The question arising in this appeal, brought pursuant to section 69 Arbitration Act 1996, was: where buyers under a MOA on the Norwegian Saleform 1993 fail to pay the deposit by the due date, is the seller entitled to recover the amount of the deposit in debt or as damages or is the seller restricted to his loss of bargain damages. On the facts, the amount of the deposit was USD2.156m and the alleged loss of bargain was, at most, USD275,000. The LMAA Tribunal held that Sellers were restricted to their alleged loss of bargain damages. In particular, the Tribunal relied on clause 13 of the NSF 1993 form which specifically provided that the deposit was recoverable in the event that the purchase price was not paid but was silent as to the recoverability of the deposit in the event that the deposit itself was not paid as excluding any intention that the deposit should be recoverable in the latter circumstance.
Upholding the Sellers’ appeal, Teare J held that Sellers were entitled to recover the amount of the deposit by way of damages or in debt. The judge considered the principles applicable to deposits and part payments generally and concluded that the recoverability of the deposit depended on the true construction of the MOA having regard to the established principles of the substantive law of contract. On a true construction of all the terms of the contract, the right to payment of the deposit accrued unconditionally. Pursuant to clause 2 of the MOA, the deposit was intended to provide security to Sellers “for the correct fulfilment” of the MOA and it was not appropriate to infer from the absence of a reference to the deposit in clause 13 that the parties intended to exclude the right to recover the deposit otherwise provided by clause 2.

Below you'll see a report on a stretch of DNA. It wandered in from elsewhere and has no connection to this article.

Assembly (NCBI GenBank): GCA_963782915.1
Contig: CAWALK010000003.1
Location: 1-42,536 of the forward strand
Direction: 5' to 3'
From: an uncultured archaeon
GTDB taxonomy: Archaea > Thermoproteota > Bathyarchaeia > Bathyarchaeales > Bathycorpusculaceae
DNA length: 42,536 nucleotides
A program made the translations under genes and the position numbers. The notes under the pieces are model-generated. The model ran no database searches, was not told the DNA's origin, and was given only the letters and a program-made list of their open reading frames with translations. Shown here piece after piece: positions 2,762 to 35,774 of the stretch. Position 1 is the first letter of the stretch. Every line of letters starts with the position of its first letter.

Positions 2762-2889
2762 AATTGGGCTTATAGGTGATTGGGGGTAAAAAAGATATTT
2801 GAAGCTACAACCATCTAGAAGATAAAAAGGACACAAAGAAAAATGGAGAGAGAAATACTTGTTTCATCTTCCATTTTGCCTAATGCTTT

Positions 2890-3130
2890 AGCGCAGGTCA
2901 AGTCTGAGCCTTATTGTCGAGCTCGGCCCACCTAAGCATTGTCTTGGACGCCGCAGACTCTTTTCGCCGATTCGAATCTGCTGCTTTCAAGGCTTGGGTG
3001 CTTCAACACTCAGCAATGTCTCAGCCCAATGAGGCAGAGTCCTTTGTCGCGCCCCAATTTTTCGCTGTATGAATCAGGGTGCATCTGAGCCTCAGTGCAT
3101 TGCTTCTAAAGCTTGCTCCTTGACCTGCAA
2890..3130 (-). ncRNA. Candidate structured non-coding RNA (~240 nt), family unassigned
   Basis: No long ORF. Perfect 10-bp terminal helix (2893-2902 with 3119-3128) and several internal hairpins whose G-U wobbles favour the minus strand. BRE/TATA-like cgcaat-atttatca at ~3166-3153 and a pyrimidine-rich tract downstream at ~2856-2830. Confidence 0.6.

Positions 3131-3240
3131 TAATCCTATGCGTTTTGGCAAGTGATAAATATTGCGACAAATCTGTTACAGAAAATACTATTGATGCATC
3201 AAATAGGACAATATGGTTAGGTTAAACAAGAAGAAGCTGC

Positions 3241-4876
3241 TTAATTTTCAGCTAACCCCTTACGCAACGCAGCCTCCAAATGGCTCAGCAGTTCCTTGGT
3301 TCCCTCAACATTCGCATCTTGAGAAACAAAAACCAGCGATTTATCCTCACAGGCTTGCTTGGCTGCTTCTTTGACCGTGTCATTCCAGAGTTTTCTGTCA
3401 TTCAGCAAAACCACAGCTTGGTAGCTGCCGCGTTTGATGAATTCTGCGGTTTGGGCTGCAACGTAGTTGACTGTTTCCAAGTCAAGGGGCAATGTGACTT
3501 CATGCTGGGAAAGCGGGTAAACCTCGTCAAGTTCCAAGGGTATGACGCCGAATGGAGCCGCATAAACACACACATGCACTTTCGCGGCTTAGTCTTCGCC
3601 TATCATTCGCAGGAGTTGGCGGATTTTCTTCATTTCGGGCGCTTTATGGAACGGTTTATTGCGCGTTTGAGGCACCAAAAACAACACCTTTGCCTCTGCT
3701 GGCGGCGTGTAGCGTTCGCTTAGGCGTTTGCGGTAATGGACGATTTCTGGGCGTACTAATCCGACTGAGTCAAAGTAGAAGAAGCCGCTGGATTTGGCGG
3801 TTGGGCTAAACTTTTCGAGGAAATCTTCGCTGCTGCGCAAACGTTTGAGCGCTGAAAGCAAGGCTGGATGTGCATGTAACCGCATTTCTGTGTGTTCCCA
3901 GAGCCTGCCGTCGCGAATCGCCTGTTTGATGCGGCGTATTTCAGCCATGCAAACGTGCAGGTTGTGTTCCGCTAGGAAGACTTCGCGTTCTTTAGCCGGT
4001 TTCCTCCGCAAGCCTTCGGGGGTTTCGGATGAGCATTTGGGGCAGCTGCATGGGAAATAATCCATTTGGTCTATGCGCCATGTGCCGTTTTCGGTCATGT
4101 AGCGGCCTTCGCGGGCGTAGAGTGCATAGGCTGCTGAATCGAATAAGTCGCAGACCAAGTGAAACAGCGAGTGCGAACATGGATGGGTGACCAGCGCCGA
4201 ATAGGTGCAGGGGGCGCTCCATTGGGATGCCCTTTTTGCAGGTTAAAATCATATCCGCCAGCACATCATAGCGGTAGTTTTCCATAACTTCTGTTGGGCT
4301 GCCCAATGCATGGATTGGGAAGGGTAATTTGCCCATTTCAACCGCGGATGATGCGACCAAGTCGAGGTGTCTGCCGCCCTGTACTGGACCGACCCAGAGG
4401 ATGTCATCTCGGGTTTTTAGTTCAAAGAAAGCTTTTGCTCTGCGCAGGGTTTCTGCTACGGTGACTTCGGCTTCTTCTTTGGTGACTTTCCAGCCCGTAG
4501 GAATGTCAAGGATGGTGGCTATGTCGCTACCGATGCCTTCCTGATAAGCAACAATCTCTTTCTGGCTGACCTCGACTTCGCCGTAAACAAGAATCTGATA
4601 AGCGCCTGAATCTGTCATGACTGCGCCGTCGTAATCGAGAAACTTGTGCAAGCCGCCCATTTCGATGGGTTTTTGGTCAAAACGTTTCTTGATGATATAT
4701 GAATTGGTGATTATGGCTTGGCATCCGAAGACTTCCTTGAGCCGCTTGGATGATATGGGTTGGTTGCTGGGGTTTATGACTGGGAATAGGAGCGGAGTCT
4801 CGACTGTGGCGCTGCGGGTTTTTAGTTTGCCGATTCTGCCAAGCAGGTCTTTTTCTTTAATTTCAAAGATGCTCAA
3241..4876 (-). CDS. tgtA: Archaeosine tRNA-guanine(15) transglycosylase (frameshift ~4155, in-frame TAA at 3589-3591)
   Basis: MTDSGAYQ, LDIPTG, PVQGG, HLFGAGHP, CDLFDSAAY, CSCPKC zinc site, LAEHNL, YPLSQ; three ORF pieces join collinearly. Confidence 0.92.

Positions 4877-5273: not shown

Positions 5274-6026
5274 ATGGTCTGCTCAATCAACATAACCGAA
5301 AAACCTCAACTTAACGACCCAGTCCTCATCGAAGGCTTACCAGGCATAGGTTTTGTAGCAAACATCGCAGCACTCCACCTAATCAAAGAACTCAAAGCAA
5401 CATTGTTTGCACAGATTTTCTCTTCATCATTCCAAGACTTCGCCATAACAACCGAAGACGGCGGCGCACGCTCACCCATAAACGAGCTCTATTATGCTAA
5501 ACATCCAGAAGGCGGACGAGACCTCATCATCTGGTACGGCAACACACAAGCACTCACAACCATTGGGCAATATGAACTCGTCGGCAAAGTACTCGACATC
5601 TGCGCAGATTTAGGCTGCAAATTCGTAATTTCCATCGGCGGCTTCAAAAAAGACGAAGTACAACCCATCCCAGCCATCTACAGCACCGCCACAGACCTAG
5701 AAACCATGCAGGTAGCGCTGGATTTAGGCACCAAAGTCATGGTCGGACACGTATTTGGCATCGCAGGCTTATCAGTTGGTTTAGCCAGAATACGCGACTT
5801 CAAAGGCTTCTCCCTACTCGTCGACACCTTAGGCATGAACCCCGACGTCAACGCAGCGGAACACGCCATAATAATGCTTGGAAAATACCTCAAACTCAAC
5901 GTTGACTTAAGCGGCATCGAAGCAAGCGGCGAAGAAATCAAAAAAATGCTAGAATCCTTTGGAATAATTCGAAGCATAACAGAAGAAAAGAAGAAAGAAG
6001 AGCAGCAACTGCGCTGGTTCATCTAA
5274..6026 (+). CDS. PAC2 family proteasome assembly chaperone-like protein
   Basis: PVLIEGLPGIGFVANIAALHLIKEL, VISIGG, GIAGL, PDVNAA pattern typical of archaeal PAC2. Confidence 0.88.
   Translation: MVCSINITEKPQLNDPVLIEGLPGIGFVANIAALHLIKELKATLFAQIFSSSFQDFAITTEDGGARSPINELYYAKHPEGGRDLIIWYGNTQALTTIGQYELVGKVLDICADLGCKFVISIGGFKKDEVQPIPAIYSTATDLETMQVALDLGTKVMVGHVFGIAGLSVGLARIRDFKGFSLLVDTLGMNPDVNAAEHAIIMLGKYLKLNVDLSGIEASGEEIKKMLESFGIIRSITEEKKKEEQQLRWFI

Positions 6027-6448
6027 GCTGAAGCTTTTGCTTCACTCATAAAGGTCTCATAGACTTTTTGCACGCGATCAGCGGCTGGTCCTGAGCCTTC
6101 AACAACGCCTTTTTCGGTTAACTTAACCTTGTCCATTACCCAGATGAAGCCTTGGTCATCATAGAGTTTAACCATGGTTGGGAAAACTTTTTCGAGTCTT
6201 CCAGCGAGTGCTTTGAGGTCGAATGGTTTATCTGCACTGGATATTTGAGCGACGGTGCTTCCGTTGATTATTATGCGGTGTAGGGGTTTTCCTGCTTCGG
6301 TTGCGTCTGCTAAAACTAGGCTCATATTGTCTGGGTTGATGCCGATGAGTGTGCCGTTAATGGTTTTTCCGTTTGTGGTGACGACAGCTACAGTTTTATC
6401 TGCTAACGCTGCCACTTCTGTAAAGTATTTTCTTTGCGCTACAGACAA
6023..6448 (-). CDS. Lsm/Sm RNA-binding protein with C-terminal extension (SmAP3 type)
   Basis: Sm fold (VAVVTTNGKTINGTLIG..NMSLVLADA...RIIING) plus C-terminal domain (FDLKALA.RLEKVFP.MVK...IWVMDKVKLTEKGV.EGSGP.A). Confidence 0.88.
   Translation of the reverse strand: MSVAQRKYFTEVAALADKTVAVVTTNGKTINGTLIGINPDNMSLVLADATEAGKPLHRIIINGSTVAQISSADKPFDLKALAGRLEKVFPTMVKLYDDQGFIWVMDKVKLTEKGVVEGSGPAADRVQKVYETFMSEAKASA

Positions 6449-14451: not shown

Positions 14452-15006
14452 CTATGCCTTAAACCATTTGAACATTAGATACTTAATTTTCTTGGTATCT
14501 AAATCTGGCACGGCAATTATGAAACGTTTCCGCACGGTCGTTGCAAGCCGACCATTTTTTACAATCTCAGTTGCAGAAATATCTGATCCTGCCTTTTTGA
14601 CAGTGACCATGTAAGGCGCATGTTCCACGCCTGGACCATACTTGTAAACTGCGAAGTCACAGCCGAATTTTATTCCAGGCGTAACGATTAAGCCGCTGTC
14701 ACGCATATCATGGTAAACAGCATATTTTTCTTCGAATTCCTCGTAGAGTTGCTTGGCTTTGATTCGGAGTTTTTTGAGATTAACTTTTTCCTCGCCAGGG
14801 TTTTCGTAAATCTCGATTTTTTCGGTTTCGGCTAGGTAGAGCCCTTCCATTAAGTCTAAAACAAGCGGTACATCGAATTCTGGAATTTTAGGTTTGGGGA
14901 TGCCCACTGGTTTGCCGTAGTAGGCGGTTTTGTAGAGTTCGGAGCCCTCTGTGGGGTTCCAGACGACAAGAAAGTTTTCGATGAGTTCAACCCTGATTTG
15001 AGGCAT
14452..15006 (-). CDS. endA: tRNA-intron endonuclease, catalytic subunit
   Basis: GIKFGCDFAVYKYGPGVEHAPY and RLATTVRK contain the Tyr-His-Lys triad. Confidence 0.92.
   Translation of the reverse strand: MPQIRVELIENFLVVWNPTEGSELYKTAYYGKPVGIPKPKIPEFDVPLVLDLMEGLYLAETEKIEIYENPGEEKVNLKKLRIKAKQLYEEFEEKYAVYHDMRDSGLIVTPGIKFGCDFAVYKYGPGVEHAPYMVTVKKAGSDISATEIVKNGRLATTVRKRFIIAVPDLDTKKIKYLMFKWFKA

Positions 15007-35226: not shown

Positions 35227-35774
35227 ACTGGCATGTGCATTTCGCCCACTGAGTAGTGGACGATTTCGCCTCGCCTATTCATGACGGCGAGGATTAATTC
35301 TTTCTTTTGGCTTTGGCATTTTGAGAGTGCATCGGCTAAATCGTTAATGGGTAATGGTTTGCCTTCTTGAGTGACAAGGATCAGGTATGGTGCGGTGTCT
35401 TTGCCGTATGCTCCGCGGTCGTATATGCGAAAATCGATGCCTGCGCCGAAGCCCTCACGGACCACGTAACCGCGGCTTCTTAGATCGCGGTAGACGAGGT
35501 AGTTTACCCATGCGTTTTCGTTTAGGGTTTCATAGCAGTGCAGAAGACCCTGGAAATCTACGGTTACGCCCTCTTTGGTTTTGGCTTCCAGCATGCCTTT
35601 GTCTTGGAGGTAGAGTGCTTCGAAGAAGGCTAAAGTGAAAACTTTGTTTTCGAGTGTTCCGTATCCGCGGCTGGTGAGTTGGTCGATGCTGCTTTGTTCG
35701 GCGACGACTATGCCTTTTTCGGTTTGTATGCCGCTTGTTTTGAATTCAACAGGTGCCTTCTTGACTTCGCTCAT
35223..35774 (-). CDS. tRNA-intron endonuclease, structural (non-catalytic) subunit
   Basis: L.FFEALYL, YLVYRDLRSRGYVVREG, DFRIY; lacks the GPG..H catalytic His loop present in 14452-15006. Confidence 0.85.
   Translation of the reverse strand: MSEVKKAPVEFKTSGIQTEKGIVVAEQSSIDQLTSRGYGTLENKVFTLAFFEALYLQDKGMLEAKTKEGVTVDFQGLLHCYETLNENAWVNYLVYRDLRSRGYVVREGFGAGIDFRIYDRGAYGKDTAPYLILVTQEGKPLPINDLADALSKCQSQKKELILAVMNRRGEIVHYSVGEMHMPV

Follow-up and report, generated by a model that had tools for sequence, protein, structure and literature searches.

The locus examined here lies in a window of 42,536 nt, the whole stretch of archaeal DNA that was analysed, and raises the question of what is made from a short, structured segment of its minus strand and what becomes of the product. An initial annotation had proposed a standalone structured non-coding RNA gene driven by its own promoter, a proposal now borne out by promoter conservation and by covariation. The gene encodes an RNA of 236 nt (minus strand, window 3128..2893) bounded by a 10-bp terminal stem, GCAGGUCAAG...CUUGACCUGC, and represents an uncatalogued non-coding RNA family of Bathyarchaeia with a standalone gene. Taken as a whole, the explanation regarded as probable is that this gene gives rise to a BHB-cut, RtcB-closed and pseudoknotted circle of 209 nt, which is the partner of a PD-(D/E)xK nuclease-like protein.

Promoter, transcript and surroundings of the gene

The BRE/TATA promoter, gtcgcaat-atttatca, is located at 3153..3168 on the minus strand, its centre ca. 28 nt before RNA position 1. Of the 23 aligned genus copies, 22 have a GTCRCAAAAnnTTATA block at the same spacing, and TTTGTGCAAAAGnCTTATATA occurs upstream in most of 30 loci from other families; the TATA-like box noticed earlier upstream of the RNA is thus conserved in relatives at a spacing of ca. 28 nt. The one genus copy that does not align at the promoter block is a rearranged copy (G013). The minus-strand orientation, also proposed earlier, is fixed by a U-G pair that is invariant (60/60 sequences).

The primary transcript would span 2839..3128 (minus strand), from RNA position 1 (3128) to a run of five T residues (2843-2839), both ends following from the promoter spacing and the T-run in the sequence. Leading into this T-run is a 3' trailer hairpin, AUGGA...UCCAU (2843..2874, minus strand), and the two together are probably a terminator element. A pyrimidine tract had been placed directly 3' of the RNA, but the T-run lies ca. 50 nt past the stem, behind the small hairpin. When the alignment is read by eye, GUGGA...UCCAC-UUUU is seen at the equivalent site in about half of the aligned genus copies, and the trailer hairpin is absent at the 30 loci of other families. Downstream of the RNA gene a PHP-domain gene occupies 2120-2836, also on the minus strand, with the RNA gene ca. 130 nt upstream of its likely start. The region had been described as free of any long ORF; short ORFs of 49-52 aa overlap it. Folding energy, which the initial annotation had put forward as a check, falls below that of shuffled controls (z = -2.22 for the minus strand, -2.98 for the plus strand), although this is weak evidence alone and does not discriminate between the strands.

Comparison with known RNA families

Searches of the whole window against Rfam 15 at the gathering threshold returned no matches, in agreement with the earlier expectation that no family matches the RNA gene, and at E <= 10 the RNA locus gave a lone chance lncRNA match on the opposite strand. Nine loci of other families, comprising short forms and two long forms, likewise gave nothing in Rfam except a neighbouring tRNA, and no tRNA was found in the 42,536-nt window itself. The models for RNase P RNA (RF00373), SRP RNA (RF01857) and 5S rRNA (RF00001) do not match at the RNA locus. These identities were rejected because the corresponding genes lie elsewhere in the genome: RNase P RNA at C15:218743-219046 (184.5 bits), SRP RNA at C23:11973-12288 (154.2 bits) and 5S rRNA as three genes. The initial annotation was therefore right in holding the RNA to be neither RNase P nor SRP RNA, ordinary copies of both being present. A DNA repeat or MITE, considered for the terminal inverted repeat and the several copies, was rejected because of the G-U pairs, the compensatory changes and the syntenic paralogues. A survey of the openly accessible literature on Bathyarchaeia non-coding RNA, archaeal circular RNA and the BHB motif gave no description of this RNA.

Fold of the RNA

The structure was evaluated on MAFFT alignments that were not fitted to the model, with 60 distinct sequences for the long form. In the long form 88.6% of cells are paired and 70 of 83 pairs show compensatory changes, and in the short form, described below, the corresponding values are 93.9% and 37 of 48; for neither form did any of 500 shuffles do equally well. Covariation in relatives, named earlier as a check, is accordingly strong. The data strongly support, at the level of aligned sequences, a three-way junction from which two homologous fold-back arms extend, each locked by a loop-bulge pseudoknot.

Upon Buyers’ application, permission to appeal to the Court of Appeal was granted.
Member of Chambers: Charlotte Tan for the Defendant instructed by Holman Fenwick Willan LLP